Which means the sooner you detect and filter out “non-human” traffic that has little to no value to the organization and thus only serves to increase costs, the better.


What that boils down to is that “when” illegitimate traffic is detected and rejected is important to not only improving operational security posture but to containing business costs. The earlier traffic is marked as “bad” and rejected, the better it is for both IT and the business. Consider a relatively average-sized business sees, according to Google Analytics Benchmarks from 2011, about 2873 web transactions per day. Using Incapsula’s estimate that 51% of those transactions are actually illegitimate, non-human visitors each with a Tower Group estimated cost of about $0.17, an average business wastes about $68 - $327 a day. While that figure may be easily shrugged off, the resulting nearly $25,000 dollars a year at the low end and $119,000 on the high end it adds up to is not. It’s a significant chunk of change, especially for a small or medium sized organization. Larger organizations with higher transactional rates would necessarily see that cost increase, to numbers likely not to bring a smile to the face of the CFO or CTO.

Luckily, the application delivery tier is strategically positioned to not only detect but reject such traffic as it enters the data center. That means a shallow penetration profile that dramatically reduces the cost associated with processing illegitimate transactions. The application delivery tier is the first tier in the data center, comprising application delivery and access services at the perimeter of the network. The application delivery controller is often designated as the first point of contact for end-user requests – both human and not because of its role in virtualizing the applications it delivers and secures. This limits the number of infrastructure components through which illegitimate traffic must pass. When traditional network security services such as those associated with a firewall as well as access management are consolidated in the application delivery tier, this further reduces the costs to process these requests as they are immediately recognized and rejected as invalid without requiring flows through additional components.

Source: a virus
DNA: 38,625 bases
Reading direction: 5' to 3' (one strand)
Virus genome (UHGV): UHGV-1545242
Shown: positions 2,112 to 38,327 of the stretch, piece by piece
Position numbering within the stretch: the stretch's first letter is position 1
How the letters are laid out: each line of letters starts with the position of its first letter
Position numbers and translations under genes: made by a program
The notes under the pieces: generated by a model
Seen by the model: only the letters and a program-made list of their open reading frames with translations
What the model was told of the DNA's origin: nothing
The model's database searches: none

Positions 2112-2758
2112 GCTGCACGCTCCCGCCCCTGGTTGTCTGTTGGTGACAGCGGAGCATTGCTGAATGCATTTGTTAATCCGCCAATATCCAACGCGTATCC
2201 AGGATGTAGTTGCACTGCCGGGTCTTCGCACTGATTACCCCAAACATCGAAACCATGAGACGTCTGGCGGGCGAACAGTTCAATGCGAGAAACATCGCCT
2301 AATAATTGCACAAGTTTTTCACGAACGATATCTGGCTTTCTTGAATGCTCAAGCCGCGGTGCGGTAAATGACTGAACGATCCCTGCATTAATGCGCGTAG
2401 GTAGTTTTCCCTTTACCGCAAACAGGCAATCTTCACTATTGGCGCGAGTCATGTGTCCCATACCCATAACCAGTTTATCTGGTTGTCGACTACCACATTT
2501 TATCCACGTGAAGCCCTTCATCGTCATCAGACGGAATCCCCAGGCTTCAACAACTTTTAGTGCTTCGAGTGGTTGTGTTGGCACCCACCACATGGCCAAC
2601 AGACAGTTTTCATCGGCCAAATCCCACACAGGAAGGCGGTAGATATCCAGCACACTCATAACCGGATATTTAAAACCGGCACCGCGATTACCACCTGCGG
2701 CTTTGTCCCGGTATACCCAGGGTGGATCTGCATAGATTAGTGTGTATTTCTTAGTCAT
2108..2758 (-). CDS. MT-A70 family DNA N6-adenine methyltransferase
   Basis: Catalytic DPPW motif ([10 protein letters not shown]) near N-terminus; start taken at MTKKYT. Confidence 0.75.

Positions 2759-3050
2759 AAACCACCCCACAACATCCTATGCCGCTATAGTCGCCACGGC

While there are still costs associated with this processing – it can’t be entirely eliminated, after all – it is greatly reduced because it occurs as close to the point of ingress as possible and eliminates traversal through the entire application infrastructure chain – from virtualization platforms to web, application, and database systems.

Much has been made of the need to align IT with the business in the past few years, but rarely are we able to provide such a clear case of where IT can directly impact the bottom line of the business as in the realm of controlling transactional costs. Whether through earlier detection and preventing or consolidation –or both – IT can certainly add value by reducing costs through the implementation of a comprehensive application delivery tier.

Published Mar 23, 2012